According to Mel Gibson, his new movie, "Apocalypto," is a metaphor for the death of American civilization. "The precursors to a civilization that's going under are the same, time and time again," Gibson explained at a film festival in Texas. "What's human sacrifice if not sending guys off to Iraq for no reason?"
Gibson's comparison between Mayan and American civilization is deeply offensive. To elucidate just how offensive the comparison is, I must review the film's portrayal of Mayan society. (Warning: There are spoilers. If you are intent on seeing this movie, read no further.)
"Apocalypto" portrays two societies within Mayan civilization. The first is a hunter-gatherer sort of Rousseau-ian society, wherein noble savages tell colorful stories, cherish their pregnant wives and play practical jokes involving eating raw tapir testicles. The second is the decadent Mayan city, where slave laborers covered in powder cough up blood as they pound rock; where throngs cheer wildly as power-mad priests engage in ritual human sacrifice, pulling still-beating hearts from chest cavities, beheading victims and tossing those heads down towering flights of stairs to a waiting crowd, which then sticks the heads on pikes; where the headless bodies are dumped in Holocaust-like mass graves, to rot in the sun.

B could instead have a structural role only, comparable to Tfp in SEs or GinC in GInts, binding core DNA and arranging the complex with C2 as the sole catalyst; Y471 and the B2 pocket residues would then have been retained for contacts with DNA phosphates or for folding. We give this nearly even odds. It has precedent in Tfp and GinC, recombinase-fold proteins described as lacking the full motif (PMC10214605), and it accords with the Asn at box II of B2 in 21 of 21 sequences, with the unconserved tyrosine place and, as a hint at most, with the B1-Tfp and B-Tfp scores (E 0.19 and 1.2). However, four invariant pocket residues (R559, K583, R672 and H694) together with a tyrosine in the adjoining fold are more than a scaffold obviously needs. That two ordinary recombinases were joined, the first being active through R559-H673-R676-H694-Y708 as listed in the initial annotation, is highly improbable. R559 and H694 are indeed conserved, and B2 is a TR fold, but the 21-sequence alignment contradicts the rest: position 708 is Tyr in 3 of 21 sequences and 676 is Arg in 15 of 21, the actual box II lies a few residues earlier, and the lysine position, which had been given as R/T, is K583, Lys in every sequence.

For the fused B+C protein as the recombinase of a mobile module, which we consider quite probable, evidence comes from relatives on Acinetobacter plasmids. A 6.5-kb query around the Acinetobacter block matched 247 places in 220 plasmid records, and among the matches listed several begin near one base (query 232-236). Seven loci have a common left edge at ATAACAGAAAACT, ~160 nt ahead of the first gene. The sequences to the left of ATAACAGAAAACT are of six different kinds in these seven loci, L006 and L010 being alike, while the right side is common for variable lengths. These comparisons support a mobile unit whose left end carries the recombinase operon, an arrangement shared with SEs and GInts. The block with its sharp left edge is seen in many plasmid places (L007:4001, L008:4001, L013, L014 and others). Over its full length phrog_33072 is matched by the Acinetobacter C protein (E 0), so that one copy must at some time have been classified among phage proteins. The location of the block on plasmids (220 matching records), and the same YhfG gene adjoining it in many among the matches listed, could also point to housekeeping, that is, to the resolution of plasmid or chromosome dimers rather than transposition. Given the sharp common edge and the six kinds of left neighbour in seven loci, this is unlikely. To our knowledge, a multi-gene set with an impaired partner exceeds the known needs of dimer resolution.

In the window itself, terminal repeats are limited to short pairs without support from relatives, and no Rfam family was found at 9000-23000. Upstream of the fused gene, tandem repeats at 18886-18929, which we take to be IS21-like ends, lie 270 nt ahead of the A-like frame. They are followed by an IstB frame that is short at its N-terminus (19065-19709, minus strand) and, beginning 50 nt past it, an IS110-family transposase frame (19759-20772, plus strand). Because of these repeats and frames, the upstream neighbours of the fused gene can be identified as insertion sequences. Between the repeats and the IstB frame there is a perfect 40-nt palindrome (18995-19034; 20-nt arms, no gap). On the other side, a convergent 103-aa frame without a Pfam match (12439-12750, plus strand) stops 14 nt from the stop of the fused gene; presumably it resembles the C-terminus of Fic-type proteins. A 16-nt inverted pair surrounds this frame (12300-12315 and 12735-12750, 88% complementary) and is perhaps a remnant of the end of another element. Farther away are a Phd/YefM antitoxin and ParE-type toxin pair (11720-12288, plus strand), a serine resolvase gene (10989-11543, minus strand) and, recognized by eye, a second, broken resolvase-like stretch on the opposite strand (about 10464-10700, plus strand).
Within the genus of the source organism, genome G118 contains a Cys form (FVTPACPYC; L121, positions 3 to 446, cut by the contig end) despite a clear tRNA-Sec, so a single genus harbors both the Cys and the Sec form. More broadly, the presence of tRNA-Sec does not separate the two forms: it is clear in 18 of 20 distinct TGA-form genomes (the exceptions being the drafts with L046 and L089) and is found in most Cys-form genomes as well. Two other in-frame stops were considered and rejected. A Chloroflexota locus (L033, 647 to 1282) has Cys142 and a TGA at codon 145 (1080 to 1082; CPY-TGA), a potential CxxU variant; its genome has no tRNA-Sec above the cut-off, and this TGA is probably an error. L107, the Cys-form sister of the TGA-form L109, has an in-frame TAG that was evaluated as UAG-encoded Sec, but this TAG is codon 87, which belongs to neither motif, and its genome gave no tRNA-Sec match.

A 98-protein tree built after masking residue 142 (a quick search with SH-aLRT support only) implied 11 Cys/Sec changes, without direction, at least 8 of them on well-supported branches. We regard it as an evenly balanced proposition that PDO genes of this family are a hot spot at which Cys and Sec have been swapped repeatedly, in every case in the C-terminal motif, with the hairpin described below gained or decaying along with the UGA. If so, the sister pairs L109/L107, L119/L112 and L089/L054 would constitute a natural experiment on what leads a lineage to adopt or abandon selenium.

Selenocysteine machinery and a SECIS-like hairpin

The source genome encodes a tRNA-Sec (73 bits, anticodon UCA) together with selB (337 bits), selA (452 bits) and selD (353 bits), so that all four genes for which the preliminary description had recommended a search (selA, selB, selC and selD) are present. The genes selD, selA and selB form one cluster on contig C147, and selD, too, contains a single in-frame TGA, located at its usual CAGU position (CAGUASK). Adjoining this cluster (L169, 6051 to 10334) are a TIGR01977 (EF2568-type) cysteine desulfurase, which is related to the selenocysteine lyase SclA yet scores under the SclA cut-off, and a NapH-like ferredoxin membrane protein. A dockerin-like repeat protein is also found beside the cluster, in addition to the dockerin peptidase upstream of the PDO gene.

The Mayan city society invades the Rousseau-ian hunter-gatherer society, brutally and graphically raping and murdering its way through village after village. Citizens of the hunter-gatherer society are kidnapped and used for ritual sacrifice, or for sport killing.
Gibson's point is this: Mayan civilization in decline had corrupted itself through brutality and barbarity. It sacrificed its own citizens on the altar of fear. The values that made Mayan civilization worth preserving -- the values embodied by the Rousseau-ian society -- were destroyed so that the fears of the population could be assuaged. In doing so, Mayan society made itself ripe for conquer by the Europeans.
Gibson likens Mayan civilization to American civilization. "We're all afraid," Gibson told Entertainment Weekly. "That's something I've been finding out more recently -- how racked by fear we are as a society." We are discarding our values, Gibson implies. We are engaging in Mayan barbarities in Iraq, sending our own citizens off to die on the altar of fear.